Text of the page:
Philadelphia November 24 1797
my Dear Daughter
Thus has my Son given me a legal right to address you, I feel also, that I have an affectionate right devolved to me from him, to stile you thus. it would have given me great pleasure to have embraced  as Such in America, but as it has been otherways ordered, I must Submit to that destiny which has through the greater part of my Life Seperated me from my dearest connections.
I feel a tender Sympathy for you that at this early period of your days, you are seperated from all your Natural connections, and introduced into a new and untried Scene of Life. I should feel still more solisitude, if I had not been assured of your attachment to domestic Life, and of your possessing those mental accomplishments, which need not Seek abroad for entertainment, and those qualities of the Heart which assimulate you by the strongest bonds of affection, to the well Chosen partner of your Heart. long may you live, mutual blessings to each other ameliorating the Rugged path of Life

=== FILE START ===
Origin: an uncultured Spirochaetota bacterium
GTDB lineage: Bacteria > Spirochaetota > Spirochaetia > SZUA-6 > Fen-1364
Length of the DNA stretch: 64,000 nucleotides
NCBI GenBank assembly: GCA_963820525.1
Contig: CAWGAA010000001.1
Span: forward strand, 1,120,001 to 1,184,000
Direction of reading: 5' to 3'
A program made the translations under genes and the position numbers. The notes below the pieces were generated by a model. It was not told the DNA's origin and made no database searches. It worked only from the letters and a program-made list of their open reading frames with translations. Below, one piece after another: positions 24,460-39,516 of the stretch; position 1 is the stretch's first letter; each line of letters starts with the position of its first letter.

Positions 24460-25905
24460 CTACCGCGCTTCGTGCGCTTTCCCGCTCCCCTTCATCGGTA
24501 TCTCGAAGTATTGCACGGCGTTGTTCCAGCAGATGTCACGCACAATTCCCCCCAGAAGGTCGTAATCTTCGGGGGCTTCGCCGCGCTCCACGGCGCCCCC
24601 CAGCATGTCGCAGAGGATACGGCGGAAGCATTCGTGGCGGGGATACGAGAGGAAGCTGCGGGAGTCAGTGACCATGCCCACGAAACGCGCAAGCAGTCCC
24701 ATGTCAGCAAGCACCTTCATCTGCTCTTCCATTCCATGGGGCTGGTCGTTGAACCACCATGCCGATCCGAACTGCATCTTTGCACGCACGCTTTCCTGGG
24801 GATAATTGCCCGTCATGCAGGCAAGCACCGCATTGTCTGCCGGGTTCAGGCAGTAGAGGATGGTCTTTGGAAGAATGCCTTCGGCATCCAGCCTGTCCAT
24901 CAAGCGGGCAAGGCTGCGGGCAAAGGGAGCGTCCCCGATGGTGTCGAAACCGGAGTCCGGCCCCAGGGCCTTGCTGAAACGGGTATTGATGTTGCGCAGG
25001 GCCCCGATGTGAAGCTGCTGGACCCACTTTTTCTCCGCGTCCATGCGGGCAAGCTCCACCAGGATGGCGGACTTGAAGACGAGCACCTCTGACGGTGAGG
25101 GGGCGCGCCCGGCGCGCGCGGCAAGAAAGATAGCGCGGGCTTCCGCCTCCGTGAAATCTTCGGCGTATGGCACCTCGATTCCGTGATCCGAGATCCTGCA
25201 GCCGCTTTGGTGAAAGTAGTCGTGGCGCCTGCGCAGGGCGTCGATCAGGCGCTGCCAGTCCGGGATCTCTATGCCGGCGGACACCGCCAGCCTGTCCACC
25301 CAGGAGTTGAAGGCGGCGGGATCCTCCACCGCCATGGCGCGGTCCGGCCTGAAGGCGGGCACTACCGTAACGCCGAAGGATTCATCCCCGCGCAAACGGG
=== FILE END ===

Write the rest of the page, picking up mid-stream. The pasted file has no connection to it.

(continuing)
with “Every Matron grace combin’d
Chast deportment, artless Mien
Converse Sweet, and Heart Serene”
Strengthen the bond of union between us my dear Louissa by a frequent communication by Letters your observations and remarks upon the new Scenes before you and the Manners and customs of Foreign Nations, will both amuse and entertain me, always however keeping in mind, your own public Character, and the Critical Times in which we Live. I recommend to your Sisterly kindness my dear Thomas. I have received from under his Hand a gratefull acknowledgment of the Hospitality of your whole Family towards him—I hope e’er long to welcome them all to America.
Your Father directs me to say for him, that he is already prepared to Love you, from the amiable Character he has received of you from all who know you.
accept my dear Daughter the Sincere / Regard of your / affectionate Mother